First, the harm caused by the Reddys and the Company in this case is serious: the IRS conservatively estimates that the tax loss resulting from returns prepared by the Reddys between 2002 and 2005 is $13.31 million. In addition, the government has been put to the considerable expense of conducting an undercover investigation of the Reddys and the Company and conducting more than seventy audits of tax returns prepared by the Reddys and the Company, which audits took approximately one year to complete.
With respect to scienter, the Court has found that the Reddys and the Company willfully overstated deductions and understated tax liability for their clients. This activity was recurring and not isolated. Among the returns prepared by the Reddys and the Company that were chosen for audit by the IRS, there was a 100 percent error rate. Conjointly, two former employees of the company have testified that it was tantamount to Company policy to inflate or fabricate business expenses to increase deductions or the amount of an earned income tax credit. Accordingly, the Court has little doubt that the Defendants' customary business activities might again involve them in such transactions.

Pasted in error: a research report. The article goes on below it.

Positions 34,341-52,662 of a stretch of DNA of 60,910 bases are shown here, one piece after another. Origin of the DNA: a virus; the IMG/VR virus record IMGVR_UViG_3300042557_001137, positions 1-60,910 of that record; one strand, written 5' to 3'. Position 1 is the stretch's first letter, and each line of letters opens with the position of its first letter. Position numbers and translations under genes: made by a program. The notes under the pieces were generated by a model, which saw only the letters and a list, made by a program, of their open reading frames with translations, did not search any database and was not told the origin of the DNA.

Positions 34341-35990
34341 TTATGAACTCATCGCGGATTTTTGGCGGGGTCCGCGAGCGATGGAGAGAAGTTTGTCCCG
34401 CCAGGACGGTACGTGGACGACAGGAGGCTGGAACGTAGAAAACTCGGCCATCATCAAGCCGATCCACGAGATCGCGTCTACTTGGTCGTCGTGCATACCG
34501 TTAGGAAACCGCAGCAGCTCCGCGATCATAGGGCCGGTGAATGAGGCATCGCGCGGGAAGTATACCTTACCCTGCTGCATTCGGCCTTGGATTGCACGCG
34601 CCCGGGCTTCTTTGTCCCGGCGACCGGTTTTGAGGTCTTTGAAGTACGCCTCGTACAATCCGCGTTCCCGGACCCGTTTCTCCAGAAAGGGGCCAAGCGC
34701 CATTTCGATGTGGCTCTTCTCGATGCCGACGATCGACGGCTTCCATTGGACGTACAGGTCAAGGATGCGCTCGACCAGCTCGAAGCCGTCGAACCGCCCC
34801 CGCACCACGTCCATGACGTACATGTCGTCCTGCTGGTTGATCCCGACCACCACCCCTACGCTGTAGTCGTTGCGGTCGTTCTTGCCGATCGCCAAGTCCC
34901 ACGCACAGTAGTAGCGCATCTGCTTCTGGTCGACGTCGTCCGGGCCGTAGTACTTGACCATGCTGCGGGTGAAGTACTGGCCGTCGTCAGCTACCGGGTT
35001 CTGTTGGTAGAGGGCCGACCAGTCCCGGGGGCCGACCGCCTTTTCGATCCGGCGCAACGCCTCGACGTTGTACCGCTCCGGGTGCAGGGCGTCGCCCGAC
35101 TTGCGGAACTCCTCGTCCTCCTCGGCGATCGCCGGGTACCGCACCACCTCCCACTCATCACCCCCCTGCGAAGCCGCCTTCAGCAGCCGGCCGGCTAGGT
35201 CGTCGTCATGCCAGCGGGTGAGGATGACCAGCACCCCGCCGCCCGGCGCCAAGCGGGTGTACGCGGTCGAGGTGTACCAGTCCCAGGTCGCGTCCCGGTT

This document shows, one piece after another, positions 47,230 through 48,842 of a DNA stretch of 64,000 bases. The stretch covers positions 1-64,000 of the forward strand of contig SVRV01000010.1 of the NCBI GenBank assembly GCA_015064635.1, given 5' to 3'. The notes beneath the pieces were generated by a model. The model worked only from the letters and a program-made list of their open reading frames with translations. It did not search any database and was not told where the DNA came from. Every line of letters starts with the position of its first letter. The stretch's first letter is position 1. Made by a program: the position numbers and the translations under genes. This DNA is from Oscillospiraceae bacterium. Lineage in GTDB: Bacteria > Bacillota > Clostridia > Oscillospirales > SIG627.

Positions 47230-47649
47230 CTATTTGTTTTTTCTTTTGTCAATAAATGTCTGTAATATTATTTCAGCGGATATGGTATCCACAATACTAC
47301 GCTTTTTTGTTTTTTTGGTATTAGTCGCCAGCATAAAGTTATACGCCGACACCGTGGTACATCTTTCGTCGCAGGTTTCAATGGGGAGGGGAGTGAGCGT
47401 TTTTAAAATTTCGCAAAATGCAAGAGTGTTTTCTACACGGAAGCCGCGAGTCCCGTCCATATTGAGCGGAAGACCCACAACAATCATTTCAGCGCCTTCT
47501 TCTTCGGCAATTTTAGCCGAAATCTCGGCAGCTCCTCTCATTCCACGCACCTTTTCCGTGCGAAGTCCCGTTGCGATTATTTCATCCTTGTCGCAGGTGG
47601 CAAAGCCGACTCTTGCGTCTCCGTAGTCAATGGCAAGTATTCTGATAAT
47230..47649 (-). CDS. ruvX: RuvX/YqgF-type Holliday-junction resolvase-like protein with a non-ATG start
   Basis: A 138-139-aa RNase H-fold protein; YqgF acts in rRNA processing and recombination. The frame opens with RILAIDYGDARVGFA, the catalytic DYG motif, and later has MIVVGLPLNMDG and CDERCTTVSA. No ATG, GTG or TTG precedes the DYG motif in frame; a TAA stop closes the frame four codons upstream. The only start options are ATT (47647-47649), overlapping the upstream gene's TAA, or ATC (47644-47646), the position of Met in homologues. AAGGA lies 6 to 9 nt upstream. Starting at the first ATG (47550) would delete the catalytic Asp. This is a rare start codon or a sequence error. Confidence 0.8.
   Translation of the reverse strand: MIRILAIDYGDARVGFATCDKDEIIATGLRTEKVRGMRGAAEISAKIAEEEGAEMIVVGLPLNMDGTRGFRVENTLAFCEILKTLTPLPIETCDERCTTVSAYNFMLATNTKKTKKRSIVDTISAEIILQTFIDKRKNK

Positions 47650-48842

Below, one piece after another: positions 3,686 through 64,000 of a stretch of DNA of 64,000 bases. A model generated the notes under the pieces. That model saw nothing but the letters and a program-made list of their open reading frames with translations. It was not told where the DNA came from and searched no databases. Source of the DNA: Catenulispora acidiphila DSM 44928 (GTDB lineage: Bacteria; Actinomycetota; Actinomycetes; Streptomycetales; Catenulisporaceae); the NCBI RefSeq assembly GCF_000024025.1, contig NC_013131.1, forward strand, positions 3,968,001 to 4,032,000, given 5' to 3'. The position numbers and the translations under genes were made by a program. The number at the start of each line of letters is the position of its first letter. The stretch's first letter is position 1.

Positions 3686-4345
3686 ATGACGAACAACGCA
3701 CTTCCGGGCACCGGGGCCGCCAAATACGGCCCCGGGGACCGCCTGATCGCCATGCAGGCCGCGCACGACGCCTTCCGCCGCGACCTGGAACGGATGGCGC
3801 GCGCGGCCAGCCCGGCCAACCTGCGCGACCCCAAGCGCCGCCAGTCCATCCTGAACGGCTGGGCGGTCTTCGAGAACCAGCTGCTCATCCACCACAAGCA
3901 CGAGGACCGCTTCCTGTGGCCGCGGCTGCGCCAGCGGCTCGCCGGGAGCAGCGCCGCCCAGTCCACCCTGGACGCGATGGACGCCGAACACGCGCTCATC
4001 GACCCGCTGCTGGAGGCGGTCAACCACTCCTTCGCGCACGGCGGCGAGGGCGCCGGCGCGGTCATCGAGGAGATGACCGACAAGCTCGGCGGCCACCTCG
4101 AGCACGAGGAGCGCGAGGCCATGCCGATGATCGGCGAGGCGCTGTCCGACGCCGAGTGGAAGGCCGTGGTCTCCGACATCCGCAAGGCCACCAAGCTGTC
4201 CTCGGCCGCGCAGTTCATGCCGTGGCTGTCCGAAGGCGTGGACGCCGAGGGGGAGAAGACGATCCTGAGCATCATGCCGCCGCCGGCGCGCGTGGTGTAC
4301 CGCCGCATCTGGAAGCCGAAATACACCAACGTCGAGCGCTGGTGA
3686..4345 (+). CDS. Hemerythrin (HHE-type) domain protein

Finally, the Court finds that the Reddys and, in turn, the Company, have demonstrated little recognition of their own culpability. Instead, Defendants have blamed the errors found in the returns audited by the IRS on: (1) having too little time to supervise Company employees; and (2) receiving inaccurate information from Company clients. As such, any assurances that Defendants have been more closely supervising their employees and requiring more records from their clients cannot amount to sincere assurances against future violations.